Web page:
Model and imitate writing styles

Model reading and writing

Writing is learned by imitation. If anyone asked me how I learned to write, I’d say I learned by reading the men and women who were doing the kind of writing I wanted to do and trying to figure out how they did it.

William Zinsser – On Writing Well, 30th Anniversary Edition: An Informal Guide to Writing Nonfiction (p. 34).

Students need quality models of reading and writing to use text and write effectively.

Real world text

Reading is much more than decoding and fluency. Students need to work with all types of text in real world situations. They must understand the different purposes and uses of content.

Plan to model

What reading and writing should we model?

  • Textbooks
  • Authentic text
  • e-Reader devices
  • Online applications
  • Tablet applications
  • PDFs
  • Online resources
    • Magazines
    • Research tools
    • Newspapers
    • News resources
    • Blogs
    • Social media
    • Search results

Writing is imitation

Surround students with high quality writing samples to use as models.

What writing will students analyze and imitate this week?

Each school day some time should be spent reading and responding to quality writing.

Paper and online writing formats are different.

Students need to understand their audience will read text differently depending on the situation. A student may have to repurpose text to different formats and styles to best communicate their message effectively.

Start a learning progression

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Start with learning expectations

The standards tell us where to take students, but not how to deal with students not ready for them.

What do we need to know about our students right now?

  1. What standards are most relevant?
    • What skills should they have?
    • What content knowledge do we expect students to have?
  2. How will we know where students are in the expected learning progression?

What are the skills and knowledge every student needs at the start of a learning cycle?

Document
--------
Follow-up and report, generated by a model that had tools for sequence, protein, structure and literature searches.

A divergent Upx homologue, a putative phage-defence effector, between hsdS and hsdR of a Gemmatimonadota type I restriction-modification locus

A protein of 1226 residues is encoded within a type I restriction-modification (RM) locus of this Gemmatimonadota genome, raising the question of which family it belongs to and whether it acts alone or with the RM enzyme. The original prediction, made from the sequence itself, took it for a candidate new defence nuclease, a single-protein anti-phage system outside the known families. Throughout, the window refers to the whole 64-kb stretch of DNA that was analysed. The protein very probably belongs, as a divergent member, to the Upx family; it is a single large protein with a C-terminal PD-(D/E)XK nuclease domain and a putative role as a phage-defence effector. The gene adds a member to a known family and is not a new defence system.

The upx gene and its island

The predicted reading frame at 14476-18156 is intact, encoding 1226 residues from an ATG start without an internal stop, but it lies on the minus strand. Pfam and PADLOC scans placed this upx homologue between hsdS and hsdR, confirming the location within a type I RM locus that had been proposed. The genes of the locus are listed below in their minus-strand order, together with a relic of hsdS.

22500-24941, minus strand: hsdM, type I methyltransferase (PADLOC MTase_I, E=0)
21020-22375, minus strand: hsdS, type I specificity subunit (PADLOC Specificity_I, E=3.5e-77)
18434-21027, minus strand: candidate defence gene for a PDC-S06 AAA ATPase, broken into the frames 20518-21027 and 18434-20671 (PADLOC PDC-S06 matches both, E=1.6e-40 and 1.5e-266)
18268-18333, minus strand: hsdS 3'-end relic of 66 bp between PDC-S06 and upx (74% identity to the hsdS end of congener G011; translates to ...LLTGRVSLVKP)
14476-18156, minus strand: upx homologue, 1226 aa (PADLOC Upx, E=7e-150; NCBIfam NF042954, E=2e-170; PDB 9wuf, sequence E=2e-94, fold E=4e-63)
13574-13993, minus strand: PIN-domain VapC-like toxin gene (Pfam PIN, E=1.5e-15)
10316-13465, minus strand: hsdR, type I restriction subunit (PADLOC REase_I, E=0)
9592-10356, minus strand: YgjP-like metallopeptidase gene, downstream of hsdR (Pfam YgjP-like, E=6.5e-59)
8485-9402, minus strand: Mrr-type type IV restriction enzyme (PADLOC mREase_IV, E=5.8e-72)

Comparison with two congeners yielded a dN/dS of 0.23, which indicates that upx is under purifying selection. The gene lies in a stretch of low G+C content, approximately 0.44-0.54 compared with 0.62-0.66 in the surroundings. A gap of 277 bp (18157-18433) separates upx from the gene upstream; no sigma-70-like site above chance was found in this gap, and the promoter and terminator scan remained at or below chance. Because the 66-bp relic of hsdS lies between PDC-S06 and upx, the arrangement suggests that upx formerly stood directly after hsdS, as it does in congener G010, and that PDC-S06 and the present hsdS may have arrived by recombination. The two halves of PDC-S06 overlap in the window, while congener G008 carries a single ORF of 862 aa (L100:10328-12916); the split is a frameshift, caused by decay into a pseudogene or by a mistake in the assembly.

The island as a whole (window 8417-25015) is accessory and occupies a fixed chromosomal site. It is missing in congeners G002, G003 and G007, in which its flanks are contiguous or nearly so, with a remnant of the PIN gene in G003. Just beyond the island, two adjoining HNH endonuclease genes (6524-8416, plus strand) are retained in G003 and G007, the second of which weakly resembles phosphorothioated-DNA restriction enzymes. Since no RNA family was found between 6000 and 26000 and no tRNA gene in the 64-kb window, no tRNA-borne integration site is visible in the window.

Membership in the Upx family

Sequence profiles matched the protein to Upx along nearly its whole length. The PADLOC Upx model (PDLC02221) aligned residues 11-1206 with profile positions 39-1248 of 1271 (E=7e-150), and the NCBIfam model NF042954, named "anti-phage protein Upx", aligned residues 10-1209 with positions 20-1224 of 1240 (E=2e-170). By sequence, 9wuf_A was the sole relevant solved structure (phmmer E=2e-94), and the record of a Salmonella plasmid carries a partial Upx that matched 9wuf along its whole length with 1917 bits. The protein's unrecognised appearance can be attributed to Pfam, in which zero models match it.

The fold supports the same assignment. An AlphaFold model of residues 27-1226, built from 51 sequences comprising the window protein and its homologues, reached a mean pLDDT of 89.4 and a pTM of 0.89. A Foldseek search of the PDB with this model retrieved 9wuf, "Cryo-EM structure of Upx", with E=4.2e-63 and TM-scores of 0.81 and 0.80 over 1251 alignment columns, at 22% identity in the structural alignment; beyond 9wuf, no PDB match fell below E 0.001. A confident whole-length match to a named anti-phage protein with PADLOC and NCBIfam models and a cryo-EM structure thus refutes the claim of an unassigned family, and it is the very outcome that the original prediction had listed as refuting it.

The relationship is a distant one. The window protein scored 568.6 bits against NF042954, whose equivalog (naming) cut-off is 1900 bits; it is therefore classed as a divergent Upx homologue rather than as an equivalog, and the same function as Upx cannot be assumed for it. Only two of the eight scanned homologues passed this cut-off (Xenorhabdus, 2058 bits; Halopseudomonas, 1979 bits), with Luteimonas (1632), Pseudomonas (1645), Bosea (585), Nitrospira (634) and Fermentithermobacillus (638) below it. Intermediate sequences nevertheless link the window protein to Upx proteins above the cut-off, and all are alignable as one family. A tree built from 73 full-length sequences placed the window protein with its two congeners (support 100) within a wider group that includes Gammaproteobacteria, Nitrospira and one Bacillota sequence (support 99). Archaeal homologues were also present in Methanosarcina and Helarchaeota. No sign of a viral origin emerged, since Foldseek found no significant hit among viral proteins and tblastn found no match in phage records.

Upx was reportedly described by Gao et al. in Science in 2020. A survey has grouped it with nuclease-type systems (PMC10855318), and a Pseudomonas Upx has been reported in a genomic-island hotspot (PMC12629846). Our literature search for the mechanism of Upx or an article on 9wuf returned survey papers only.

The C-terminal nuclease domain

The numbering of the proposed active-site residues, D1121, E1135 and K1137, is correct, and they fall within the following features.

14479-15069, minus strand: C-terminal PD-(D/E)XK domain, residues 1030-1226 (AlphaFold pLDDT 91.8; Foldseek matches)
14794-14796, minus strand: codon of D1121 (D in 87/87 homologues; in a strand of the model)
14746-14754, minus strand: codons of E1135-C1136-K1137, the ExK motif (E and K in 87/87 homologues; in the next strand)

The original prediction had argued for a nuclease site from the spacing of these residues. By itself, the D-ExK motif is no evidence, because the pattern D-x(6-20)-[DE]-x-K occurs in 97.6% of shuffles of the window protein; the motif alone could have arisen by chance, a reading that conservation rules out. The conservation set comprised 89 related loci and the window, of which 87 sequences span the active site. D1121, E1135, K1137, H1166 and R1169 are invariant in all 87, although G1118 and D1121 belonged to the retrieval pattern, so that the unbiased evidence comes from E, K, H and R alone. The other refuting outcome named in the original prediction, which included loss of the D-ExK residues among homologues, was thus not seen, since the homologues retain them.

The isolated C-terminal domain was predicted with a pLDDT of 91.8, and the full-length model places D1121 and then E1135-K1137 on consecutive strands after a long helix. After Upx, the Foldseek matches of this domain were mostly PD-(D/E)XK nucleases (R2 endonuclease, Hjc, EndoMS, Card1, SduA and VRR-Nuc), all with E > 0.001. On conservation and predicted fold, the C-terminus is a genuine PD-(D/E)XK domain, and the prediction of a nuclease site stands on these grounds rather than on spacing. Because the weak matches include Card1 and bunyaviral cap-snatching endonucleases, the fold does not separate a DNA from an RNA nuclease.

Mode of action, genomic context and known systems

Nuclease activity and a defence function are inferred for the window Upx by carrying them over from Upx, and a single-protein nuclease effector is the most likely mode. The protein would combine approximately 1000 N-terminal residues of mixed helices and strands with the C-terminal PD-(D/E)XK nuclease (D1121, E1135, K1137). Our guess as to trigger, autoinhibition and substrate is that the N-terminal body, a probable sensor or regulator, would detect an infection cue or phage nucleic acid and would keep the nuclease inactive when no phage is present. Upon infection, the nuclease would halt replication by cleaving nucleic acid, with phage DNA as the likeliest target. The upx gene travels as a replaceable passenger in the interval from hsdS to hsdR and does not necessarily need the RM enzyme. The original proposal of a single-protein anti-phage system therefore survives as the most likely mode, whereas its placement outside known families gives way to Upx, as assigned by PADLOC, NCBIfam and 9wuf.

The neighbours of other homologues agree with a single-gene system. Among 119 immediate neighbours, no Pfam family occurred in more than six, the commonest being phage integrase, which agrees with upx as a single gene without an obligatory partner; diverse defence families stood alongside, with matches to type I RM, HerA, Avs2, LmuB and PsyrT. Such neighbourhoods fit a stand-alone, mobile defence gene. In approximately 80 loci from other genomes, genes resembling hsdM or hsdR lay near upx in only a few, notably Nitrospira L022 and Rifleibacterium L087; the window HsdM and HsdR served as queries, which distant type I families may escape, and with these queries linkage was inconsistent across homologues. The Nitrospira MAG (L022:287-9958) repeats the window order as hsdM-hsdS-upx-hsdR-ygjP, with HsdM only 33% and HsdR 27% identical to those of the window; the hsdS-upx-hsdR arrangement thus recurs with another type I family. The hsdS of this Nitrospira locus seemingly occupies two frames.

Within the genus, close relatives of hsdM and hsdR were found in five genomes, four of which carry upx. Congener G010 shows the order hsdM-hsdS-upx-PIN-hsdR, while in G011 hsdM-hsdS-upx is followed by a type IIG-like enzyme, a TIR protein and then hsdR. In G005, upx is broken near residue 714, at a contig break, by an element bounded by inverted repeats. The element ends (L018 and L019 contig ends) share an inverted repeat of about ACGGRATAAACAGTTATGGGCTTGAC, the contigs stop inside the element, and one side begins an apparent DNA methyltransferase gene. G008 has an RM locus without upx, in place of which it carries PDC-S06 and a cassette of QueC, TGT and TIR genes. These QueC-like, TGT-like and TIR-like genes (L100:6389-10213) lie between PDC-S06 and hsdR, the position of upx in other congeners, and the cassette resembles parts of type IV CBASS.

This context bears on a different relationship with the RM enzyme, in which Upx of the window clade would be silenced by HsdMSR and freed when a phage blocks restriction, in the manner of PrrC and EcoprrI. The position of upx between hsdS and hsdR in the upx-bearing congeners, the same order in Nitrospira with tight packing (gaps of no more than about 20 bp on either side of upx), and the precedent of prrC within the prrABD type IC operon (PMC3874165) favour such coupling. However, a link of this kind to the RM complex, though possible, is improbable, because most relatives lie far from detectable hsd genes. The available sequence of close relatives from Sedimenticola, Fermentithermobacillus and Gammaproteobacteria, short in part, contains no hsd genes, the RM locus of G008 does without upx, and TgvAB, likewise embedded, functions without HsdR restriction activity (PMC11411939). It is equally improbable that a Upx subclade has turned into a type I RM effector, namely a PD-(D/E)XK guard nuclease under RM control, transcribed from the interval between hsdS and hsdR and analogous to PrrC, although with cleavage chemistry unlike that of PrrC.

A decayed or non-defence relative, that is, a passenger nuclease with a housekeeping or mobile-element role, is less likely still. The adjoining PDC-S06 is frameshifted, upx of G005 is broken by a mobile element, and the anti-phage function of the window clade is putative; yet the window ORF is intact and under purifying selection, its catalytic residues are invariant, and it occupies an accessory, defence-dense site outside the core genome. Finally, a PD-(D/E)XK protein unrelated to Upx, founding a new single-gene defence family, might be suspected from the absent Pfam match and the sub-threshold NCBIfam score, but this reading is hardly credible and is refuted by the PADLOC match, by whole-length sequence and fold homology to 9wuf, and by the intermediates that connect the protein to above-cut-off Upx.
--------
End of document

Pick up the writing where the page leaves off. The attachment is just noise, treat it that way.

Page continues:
The answer will guide your diagnostic decisions.

Previous expectations and learning support the new outcomes.

Earlier instruction builds a foundation to support future instructional needs. If you are confident they did, look for recent data that helps guide diagnostic decisions.

What diagnostic measures should we use to gauge student readiness?

Focus on the most critical skills and keep your diagnostic data targeted.

  • What skills or knowledge should students have now?
  • Where are our students now?
  • Where do we start based on their initial performance results?

Diagnostic assessments measure skills and content knowledge within the target learning. A good measure and data help lower the chance to chase issues outside the focus.

Performance tasks with guidelines

Tasks demonstrate student thinking and provide quality data. Set guidelines for administration to improve the consistency of data. Uniform administration provides a better environment to make inferences from the data. If you allow modifications, make sure everyone knows the rules.

What will we do with students that show a large learning gap?

Some students will not be ready to start at grade level expectations. Closing significant knowledge gaps need a different approach than just regular instruction.

Specialized resources, including site and district coaches, will be necessary to assist in the design of a support system. Identify the support students will receive, along with the additional or modified work expected from them.

Communicate expectations with students, stakeholders, and parents.

The transparency of support models helps everyone understand the expectations for instruction, support, and helps identify issues the student will have to overcome.

Reader skills, characteristics, and text

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Reader skills

  • Literacy skills in content areas, including language arts
  • Ability to analyze text for structure and style
  • Determine an author’s purpose
  • Understand the intended audience for the text
  • Balance the reader’s skill and the readability of the text
  • Students comprehension levels with similar text complexity

Characteristics of text

  • Structure of text
  • Arrangement of ideas
  • Amount of distracting information and unity of text
  • Logical connection of events
  • Background knowledge of author’s intended audience

Match readers with text

  • Student engagement levels in reading for pleasure and reading to learn
  • Task teacher expects to be completed with text
  • Comprehension success with similar text complexity
  • Scaffold and support system in place to assist student success
  • Formative assessment models that increase complexity in appropriate increments
  • Instructional practice to increase complexity levels over time with students

Source: Text Complexity: Raising Rigor in Reading Frey, Fisher, and Lapp